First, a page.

1. (a) As an initial matter, plaintiffs argue that only one of defendants' claims of error in Case No. A03A0814 is properly before us — the trial court's grant of partial summary judgment to plaintiffs on Count 3 of their complaint. Even though a grant of partial summary judgment does not resolve all issues in a case, it is directly appealable under OCGA § 9-11-56(h). Plaintiffs contend that defendants' other claims of error, which concern the trial court's denial of partial summary judgment to defendants on other counts in the complaint, are improperly "packaged" with the single appealable claim and should not be reviewed.
In Southeast Ceramics v. Klem, our Supreme Court held that "when a direct appeal is taken, any other judgments, rulings or orders rendered in the case and which may affect the proceedings below may be raised on appeal and reviewed and determined by the appellate court." This rule is designed to avoid "appellate review by installment" and "to encourage appellate determination of issues in a case in the fewest possible appellate procedures." Because the "packaged" claims are sufficiently related to the directly appealable claim and "may affect the proceedings below," we will review all claims.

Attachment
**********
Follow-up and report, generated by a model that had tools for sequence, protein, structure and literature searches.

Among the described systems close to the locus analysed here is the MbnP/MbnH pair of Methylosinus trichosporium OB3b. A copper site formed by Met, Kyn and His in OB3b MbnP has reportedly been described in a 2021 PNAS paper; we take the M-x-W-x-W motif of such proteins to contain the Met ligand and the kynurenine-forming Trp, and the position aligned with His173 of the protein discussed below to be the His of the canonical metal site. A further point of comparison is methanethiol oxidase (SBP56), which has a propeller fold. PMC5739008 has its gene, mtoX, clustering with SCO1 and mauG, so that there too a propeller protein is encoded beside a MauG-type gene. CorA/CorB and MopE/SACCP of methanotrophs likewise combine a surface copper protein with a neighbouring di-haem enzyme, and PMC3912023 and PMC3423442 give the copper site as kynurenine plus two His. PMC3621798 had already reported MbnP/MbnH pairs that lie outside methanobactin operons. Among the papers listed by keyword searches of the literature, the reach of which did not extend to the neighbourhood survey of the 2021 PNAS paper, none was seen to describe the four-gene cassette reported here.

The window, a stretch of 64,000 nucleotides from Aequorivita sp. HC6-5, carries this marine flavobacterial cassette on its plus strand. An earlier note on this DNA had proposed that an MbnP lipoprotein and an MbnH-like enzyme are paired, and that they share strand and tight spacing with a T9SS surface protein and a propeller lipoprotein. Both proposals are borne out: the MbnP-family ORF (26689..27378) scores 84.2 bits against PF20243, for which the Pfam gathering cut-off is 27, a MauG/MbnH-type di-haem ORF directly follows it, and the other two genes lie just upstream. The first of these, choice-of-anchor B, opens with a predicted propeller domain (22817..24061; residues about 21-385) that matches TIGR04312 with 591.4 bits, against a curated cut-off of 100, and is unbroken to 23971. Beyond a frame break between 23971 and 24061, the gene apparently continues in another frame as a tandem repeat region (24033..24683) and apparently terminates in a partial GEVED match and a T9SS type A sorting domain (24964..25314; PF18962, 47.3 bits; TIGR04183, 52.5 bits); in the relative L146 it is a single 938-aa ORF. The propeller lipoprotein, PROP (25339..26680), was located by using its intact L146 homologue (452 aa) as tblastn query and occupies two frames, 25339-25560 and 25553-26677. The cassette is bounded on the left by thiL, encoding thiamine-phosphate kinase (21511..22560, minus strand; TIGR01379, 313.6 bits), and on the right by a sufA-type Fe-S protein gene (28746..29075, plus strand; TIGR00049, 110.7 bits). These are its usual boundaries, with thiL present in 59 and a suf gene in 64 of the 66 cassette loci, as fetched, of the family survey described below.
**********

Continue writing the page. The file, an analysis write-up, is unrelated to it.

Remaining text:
Id. at 295(1).
(b) Plaintiffs' motion for penalties for frivolous appeals, based on our alleged lack of jurisdiction to hear "packaged" claims, is denied.
2. Count 3 of the complaint alleged, in part, that the Development Agreement obligated SLC to pay Lenox Pines a $200,000 development fee upon terminating that agreement. The trial court granted partial summary judgment to Lenox Pines on Count 3 and ordered SLC to pay the fee into the registry of the court. The court also directed SLC to pay (1) pre-judgment interest on that sum at the rate of seven percent "from the dates due specified in the Development Agreement section 3.1(b), as calculated by Plaintiffs" and (2) post-judgment interest at the statutory rate of twelve percent.
See OCGA § 7-4-12.